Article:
In the Wake of Disaster…Do You Have a Plan?


Maybe your business is not located in a hurricane zone or tornado alley but they aren't the only natural disasters that can occur that dramatically affect a business.  When something devastating occurs weather related or not, it demonstrates just how important it is to have a disaster plan in place. You have to be ready for the unexpected.

If you think something like this can’t happen to your business, think again. Here are a few stories of direct marketing industry companies that were hit with disasters – and survived thanks to having a disaster plan in place before the disaster event occurred.

2004 Hurricane Season: When the staff at Global Response, a call center in Margate, FL, saw the weather reports indicating that Hurricane Frances might be headed their way, they sprung into action. “We immediately set up conference calls with our clients to notify them in advance of our contingency plans in case of the weather,” recalls Barbara Turner, director of operations. “We had a document for each client indicating what they wanted us to do in the event that we experienced any weather-related difficulties.”

Being based in Florida, Global Response says it has always maintained a Disaster Plan, including a Command Team of key employees in the operations and IT departments who were on-call and meeting several times each day during the crisis. In addition, a Volunteer List was established, comprised of staff people who were willing to stay on site at the call center and work around the clock during the storm. For many staff people, this was actually a blessing, says Turner, who explains, “Our facility is actually a designated shelter, and many of our staff people live in mobile homes. So we welcomed them to stay on site and even bring their families to work. We had other employees who volunteered to run day care and entertain the kids since the schools were closed.”

Adds company CEO Herman Shooster, “Our buildings are like a fortress. None of our technology is on the perimeter, so all of the operations are safe. And there is food and water for all the staff inside. It is a safe place for everyone to remain during the storm.”

Though Global Response never experienced any outages during the September storms, Frances, or Jeanne--which also impacted the area later that same month – the company is pleased with how well it came through the disaster. It received several complimentary calls and e-mails from catalog clients and even received flowers from one client. Global Response says the bottom line was its customers were pleased that that it stayed on top of the situation and kept them informed during a difficult time.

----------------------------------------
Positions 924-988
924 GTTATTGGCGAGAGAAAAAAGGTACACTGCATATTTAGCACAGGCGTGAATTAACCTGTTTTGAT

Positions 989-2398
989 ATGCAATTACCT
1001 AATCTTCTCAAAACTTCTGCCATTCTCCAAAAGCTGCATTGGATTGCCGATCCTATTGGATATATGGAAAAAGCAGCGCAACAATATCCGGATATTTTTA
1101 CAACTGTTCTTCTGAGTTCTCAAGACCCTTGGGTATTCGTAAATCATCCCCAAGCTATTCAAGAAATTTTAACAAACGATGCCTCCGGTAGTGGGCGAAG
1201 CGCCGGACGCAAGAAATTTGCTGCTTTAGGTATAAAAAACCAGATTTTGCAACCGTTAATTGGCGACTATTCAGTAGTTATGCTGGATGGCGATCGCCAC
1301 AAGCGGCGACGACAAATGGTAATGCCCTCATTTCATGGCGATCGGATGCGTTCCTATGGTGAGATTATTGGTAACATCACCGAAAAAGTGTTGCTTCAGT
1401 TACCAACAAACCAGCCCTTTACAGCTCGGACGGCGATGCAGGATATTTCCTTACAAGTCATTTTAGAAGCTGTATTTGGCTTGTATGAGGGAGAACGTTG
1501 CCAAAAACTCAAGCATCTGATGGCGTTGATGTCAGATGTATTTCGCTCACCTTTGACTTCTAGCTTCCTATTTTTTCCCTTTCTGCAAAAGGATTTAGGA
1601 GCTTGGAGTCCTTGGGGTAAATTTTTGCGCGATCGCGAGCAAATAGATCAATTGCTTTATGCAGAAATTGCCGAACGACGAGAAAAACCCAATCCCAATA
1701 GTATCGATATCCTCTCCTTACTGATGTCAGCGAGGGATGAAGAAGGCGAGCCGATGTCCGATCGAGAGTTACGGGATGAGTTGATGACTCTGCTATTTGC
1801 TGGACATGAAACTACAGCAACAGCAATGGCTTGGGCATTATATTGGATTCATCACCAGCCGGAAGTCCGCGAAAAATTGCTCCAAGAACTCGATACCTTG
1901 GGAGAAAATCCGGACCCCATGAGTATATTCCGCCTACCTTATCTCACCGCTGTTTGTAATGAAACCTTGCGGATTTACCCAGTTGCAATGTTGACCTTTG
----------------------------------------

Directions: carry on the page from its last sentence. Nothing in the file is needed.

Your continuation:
Winter Snowstorm: In February of 2003 heavy snowfall on the East Coast caused the roof to collapse on a roughly 80,000-square foot section at ClientLogic Marketing and Communications’ Dover, DE, facility. The company immediately established a recovery team to evaluate the damage and set up a command center at the Dover Sheraton Hotel to keep employees informed as to the developing situation, the Dover Post reported.

Earthquakes Rock the West: It was in 2001 that an earthquake measuring 6.8 on the Richter scale rocked the Seattle area, causing power outages and some damage to area businesses. Recreational Equipment Inc. (REI) catalog, for instance, went without electricity for several hours, according to Catalog Age magazine. The fact that the company had a backup generator for its Web site meant online business could continue without interruption. However, Help Desk staff had to evacuate while the building was being checked for damage, so a message went out that operators were temporarily unavailable to assist customers due to an earthquake.

But not all companies are as ready for disaster as these companies were. In fact, more than one-third of the world’s leading companies report they are not sufficiently prepared to protect top revenue sources, according to the 2003 Protecting Value Study. In addition, 100 percent of the companies surveyed report a major disruption to a top revenue source would have a negative impact on earnings, with 28 percent stating such an event would threaten business continuity.

The study, by commercial and industrial property insurer FM Global, the Financial Executives Research Foundation and the National Association of Corporate Treasurers (NACT), polled nearly 400 CFOs, treasurers and risk managers at U.S. and international companies across a variety of industries. Among the other findings of the second annual study:

  • 80% of companies report no significant shift in their risk management outlook post-9/11, either strategically or operationally.
  • 88% of financial executives say their companies’ level of preparation to recover from a major disruption to a top revenue source is “less than excellent.”
  • 59 percent of the companies participating in the study report the greatest impact on revenue sources would derive from property-related hazards, including fire or explosion, natural disaster, terrorism, theft, mechanical or electrical breakdown, service disruption, a supply shortage, labor strike or cybercrime.

This last threat brings up an important point to note: Nowadays, you must also add in the Internet risks such as viruses, worms, spam and intentional hackers. Therefore, strategies that protected your company from disaster 10 years ago may not be sufficient today. You must review your Disaster Recovery Plan and see if it has stood the test of time and takes into consideration all of the current technological possibilities.

Another urgent message to companies is you have to practice your Disaster Recovery Plan. Ask yourself, is it executable? Has your plan been updated periodically? Only if you check it regularly and test it will you know it is going to work when you really do need it one day in an emergency situation.